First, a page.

Technically, the statement below is only partly true, and not enough to
worry about in any case.
Case 1: The extra signal added to the grid is something like hum or or
voltage variation that's not related to the input signal. This will not
cause distortion unless it has so much amplitude that it causes the
amplifier to enter the non linear region (overdriven). Let's assume a
60/120 Hz hum, the hum will simply linearly add to the driving signal and
produce a hum on the output, nasty but not non-linear or causing IMD's.
Case 2: the extra signal added to the grid is dependant on the input signal
such as a bias that fluctuates with drive. This create a non-linear net
grid voltage and definitely creates intermodulation distortion. But even
then one has to look at the effective frequency response of the bias
fluctation. If the PA causes the line voltage to sag and the bias supply to
have some variation at the voice syllabic rate, then the intermods created
will only extend on each side of the voice spectrum by the frequency of the
syllables, about 10-30 Hz.
So, unregulated grid bias is not likely to create IMD on the amplifier
output that anyone would notice.
On the subject of the test question, response to impulse or steps....
Think about an amplifier idling with unregulated plate voltage, regulated
screen voltage, and unregulated grid bias. Hit the amp with an abrupt key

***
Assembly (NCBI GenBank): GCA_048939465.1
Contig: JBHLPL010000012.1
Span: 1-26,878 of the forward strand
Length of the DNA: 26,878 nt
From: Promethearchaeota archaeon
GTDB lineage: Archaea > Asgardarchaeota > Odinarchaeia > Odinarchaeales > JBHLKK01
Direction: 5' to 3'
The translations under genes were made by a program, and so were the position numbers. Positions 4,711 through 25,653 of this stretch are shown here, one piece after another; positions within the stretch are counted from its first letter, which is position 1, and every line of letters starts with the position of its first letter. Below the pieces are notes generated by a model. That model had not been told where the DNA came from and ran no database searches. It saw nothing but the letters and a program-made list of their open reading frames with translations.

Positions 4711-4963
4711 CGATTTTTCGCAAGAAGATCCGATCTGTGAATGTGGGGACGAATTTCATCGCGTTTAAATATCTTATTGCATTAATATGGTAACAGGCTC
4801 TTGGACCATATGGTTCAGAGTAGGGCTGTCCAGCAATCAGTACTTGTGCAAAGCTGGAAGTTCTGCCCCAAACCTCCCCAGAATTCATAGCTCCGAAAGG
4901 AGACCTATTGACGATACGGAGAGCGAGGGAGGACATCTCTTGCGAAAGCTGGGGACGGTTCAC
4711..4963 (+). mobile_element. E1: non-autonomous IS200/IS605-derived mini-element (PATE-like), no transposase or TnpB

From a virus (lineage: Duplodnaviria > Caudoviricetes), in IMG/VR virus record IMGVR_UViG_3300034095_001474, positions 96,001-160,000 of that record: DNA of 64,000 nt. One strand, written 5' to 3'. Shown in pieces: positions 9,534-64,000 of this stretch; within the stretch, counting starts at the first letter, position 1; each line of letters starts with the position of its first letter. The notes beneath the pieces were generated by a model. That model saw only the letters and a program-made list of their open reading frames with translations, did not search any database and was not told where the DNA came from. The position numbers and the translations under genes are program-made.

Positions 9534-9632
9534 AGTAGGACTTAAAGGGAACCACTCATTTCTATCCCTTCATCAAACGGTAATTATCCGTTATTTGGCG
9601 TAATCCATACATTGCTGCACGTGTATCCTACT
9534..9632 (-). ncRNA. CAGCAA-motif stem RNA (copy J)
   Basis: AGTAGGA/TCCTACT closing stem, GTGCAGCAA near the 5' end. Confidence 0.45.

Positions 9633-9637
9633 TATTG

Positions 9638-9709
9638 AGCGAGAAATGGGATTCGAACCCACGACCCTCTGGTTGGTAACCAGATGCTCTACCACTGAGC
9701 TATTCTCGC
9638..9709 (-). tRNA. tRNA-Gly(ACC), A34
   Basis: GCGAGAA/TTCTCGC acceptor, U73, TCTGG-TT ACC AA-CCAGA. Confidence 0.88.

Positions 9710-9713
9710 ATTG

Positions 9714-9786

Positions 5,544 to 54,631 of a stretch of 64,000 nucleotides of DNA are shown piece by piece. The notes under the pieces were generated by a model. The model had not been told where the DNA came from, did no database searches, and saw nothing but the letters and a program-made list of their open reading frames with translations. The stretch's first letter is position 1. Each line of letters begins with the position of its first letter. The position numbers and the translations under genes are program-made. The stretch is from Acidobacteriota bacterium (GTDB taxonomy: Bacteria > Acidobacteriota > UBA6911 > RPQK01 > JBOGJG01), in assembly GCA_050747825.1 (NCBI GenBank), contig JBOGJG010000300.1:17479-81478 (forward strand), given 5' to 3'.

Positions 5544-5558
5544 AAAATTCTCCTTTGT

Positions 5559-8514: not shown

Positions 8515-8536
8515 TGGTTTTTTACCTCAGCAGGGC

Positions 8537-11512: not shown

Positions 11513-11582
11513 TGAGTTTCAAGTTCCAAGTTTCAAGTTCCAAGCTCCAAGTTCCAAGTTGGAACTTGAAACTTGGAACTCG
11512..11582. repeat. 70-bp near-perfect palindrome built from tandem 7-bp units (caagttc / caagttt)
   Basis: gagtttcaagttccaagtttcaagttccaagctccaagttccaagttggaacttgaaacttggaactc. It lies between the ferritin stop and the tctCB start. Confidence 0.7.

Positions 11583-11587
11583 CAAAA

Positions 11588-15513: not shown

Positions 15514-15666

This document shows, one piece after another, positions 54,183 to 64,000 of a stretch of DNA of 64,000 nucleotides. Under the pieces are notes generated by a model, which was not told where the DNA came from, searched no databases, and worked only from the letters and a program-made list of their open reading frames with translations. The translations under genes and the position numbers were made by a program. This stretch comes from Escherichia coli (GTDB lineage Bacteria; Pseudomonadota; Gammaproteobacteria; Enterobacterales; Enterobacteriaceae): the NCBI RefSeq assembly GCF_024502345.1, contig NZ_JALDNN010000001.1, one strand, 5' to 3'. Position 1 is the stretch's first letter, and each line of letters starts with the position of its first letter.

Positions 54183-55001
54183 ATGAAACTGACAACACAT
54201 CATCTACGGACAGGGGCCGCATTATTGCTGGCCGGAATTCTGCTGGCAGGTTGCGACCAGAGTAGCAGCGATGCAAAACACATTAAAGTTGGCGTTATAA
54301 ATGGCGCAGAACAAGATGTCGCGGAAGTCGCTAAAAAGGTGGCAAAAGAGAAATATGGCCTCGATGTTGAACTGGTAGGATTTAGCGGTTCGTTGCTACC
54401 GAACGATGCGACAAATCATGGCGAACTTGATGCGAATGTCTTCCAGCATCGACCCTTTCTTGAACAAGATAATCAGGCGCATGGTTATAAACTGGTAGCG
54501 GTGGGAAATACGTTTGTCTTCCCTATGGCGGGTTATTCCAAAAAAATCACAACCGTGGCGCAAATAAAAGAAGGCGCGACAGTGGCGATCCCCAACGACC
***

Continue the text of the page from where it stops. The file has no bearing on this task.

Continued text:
down (step response test). The amp with begin to transmitt with higher than
normal plate voltage and then over the next 50 msec or so the Ep will sag
down to normal operating condition. The PA output will run a bit higher for
those msec and will operate slightly mismatched due to having been tuned for
peak power output at the sagged plate voltage.
The grid bias supply also operates unregulated off the AC line and so it too
sags as the load causes the AC line to drop a few volts, but the time
constant is much longer, probably around 1 second or more because the
designer used a large capacitor to minimize hum and the grid load is so
So, the operating condition definitely change during the step response test,
but what's the effect on intermods? Not much. Intermod performance doesn't
depend on plate voltage very much at all (for the tetrode case we thinking
about here). And the grid bias changes a little bit around the AB1
operating point, but that's well known to be a non critical setting.
----- Original Message -----
From: "Dr. William J. Schmidt, II" <email@example.com>
Look. It does not matter if the tube draws grid current or not. If there
any signal impressed on the grid voltage via any means, it can lead to
distortion. It's a simple concept. Regulation of the bias voltage is one
way, then, to ensure that it does not happen. The better regulated the bias
supply is (e.g. the lower the Z of the supply) the less likely this is to
happen. Here is a test: will the amplifier's unit impulse or step response
will be different with poorly regulated supplies?
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